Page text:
Cooperative Domain Name System

CoDoNS is a high-performance, failure-resilient, and scalable name service for the Internet. It serves as both an alternative and a safety-net for the legacy Domain Name System (DNS). Built on top of Beehive, it provides clients low latencies for name resolution, automatic load-balancing during flash-crowds and denial of service attacks, and quick dissemination of changes in DNS mappings. It is currently deployed across the globe on Planet-Lab. A list of live CoDoNS servers and their current performance is provided here.

The legacy domain name system (DNS) that powers the Internet has several critical shortcomings. In a recent survey of the legacy DNS which spanned 535000 domains and 164000 name servers, we found that 79% of domainnames rely on two or fewer servers. Worse, 33% of domains have a single bottleneck link whose failure would result in disappearance of that domain. These bottlenecks in DNS make it trivial to launch DoS attacks against selected targets. Further, 20% of DNS servers contain security vulnerabilities that enable attackers to spoof records or block their distribution entirely. The static nameserver hierarchy that forms the foundation of the the legacy DNS system is fragile and vulnerable.

CoDoNs relies on a set of cooperating peer name caches that dynamically adapt to the query stream. It has several unique properties:

CoDoNS decouples server location from server authority, and hence any server can serve any binding. DNSSEC-compliant signatures ensure that the verity of the records served by CoDoNS servers can be checked. CoDoNs automatically adjusts the system respond to sudden changes in object popularity, as in the so called "slashdot effect."

With CoDoNs, users can purchase names and distribute them throughout the Internet without having to maintain dedicated nameservers. CoDoNS securely disseminates DNS information (e.g. name to IP address bindings, MX records, etc.) to participating name caches. When a client issues a name query, the name caches will, on average, locate the required data in a small number of hops.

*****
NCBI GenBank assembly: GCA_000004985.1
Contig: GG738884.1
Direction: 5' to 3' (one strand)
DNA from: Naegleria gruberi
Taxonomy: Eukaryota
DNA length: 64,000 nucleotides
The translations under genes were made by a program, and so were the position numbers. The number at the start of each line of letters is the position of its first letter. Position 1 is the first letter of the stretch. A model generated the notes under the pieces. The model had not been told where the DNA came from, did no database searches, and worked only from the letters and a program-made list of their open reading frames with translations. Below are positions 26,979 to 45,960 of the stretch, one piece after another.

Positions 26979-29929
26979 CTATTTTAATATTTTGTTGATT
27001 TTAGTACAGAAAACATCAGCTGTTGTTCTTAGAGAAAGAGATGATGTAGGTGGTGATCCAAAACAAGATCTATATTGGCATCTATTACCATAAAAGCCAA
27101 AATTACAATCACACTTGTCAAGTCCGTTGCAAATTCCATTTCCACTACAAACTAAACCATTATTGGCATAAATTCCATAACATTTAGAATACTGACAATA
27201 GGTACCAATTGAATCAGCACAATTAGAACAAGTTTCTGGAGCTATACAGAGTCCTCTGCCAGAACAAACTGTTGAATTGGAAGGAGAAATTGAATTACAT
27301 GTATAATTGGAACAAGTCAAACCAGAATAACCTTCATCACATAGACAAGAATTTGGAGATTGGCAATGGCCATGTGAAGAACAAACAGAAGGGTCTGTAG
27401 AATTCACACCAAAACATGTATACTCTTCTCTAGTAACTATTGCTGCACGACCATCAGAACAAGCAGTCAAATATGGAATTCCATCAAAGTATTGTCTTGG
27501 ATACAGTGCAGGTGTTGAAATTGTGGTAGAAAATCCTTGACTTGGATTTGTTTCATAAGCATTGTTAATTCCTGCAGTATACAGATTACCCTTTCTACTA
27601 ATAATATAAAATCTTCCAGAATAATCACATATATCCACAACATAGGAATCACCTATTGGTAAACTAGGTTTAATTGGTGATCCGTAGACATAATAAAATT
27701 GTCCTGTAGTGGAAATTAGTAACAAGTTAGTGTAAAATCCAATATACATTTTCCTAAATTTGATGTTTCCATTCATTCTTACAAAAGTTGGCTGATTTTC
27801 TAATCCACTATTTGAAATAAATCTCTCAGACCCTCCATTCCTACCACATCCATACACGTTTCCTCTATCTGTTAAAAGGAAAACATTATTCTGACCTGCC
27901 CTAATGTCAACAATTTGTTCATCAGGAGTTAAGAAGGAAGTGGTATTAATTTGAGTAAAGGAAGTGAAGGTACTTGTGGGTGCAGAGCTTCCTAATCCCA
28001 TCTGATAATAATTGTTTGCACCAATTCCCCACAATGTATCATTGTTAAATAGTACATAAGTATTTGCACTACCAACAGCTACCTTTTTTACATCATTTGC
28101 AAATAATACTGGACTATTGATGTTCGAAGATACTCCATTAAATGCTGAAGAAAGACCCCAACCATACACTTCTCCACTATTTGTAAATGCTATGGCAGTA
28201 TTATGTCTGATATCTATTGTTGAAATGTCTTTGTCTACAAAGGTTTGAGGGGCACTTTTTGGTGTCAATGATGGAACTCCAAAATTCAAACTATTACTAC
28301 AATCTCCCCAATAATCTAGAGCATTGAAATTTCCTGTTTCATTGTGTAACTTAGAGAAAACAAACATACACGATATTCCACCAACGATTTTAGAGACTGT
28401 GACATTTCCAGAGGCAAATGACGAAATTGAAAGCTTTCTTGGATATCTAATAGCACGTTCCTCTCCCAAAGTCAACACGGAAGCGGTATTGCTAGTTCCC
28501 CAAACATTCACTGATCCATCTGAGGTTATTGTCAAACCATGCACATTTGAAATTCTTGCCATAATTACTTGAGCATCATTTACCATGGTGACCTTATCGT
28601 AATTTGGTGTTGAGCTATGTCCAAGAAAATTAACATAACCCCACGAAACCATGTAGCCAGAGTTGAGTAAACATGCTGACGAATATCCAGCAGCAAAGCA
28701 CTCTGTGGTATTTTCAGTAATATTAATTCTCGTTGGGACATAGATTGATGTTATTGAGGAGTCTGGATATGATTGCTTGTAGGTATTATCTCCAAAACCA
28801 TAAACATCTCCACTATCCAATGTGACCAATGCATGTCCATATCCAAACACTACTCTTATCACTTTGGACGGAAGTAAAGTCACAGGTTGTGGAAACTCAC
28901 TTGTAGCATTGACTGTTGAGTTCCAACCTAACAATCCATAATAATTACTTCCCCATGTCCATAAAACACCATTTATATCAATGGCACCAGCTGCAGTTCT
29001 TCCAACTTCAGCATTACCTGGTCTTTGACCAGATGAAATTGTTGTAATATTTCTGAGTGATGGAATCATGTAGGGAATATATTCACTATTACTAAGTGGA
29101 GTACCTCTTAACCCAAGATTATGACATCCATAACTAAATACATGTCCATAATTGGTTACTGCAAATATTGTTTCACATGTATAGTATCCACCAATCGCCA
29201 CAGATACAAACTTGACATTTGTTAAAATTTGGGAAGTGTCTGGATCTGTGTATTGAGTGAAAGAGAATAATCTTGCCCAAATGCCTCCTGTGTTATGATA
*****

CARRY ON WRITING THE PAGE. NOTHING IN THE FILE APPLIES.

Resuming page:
Overall, CoDoNS is backwards-compatible with the legacy DNS. It can serve as a safety net for DNS, acting as a high-performance cache, and can take over DNS services entirely if the legacy DNS is attacked. CoDoNS requires no changes to client resolvers.

->  CoDoNS Overview of CoDoNS.
->  Frequently Asked Questions Frequently asked questions about DNS, its vulnerabilities, Beehive and CoDoNS.
->  Structured Replication How CoDoNS achieves high performance, DoS-resilience and load balance.
->  CoDoNS Deployment A list of nodes running CoDoNS at the moment. You can point your resolver to any of these nodes - pick the closest for the best service.
->  DNS Survey We performed a survey of vulnerabilities in traditional DNS. The web of trust that traditional DNS relies on is very fragile; approximately one third of all names are vulnerable.
->  Recent DNS Attacks Emerging information about the widespread DNS attacks of 2/6/07.
->  Related Work Pointers to work on DNS.
->  People Project members.
->  Papers Papers and Talks on CoDoNS and related projects.
->  Support Project support and funding.


Computer Science Department
Cornell University